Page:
could enforce from external nature, none too much to furnish the banquet for this circle. But where to find fit, though few, representatives for all we value in humanity? Where obtain those golden keys to the secret treasure-chambers of the soul? No samples are perfect. We must look abroad into the wide circle, to seek a little here, and a little there, to make up our company. And is not the ‘prent book’ a good beacon-light to tell where we wait the bark?— a reputation, the means of entering the Olympic game, where Pindar may perchance be encountered So it seems the mind must reveal its secret; must reproduce. And I have no castle, and no natural circle, in which I might live, like the wise Makaria, observing my kindred the stars, and gradually enriching my archives. Makaria here must go abroad, or the stars would hide their light, and the archive remain a blank. For all the tides of life that flow within me, I am dumb and ineffectual, when it comes to casting my thought into a form. No old one suits me. If I could invent one, it seems to me the pleasure of creation would make it possible for me to write. What shall I do, dear friend? I want force to be either a genius or a character. One should be either private or public. I love best to be a woman; but womanhood is at present too straitly-bounded to give me scope. At hours, I live truly as a woman; at others, I should stifle; as, on the other hand, I should palsy, when I would play the artist.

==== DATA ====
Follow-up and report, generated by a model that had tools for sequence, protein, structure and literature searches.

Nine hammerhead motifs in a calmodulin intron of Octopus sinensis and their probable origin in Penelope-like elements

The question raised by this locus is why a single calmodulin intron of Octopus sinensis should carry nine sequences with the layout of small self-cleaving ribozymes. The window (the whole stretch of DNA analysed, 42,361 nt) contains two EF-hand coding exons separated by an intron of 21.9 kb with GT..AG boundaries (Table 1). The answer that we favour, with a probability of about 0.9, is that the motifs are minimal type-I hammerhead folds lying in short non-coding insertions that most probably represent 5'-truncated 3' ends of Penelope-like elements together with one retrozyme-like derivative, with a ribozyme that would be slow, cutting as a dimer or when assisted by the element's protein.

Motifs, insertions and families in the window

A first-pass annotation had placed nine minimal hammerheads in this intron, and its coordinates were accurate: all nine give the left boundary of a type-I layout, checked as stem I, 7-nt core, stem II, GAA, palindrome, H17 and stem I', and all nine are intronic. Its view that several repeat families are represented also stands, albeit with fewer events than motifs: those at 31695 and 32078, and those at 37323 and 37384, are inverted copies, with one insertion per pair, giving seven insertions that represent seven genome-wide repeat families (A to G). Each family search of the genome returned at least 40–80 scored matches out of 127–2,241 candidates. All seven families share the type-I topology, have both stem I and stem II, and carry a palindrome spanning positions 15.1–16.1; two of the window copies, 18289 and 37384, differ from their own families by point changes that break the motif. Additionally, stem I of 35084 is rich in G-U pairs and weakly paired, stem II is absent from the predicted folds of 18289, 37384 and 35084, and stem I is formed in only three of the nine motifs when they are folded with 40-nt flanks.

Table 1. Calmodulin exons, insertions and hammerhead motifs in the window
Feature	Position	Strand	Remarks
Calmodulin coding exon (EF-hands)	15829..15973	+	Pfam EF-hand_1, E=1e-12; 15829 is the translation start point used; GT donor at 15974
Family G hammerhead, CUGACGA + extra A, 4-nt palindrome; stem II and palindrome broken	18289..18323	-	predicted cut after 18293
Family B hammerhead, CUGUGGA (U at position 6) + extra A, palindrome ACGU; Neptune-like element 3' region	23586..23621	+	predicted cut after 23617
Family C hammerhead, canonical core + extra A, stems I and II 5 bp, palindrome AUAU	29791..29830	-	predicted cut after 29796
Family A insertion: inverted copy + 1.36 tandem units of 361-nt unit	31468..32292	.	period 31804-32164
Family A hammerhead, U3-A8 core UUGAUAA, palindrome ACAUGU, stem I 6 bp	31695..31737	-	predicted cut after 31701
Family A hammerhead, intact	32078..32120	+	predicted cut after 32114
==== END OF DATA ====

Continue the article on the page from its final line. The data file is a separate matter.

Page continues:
This text is part of:
Table of Contents:
This work is licensed under a Creative Commons Attribution-ShareAlike 3.0 United States License.
An XML version of this text is available for download, with the additional restriction that you offer Perseus any modifications you make. Perseus provides credit for all accepted changes, storing new additions in a versioning system.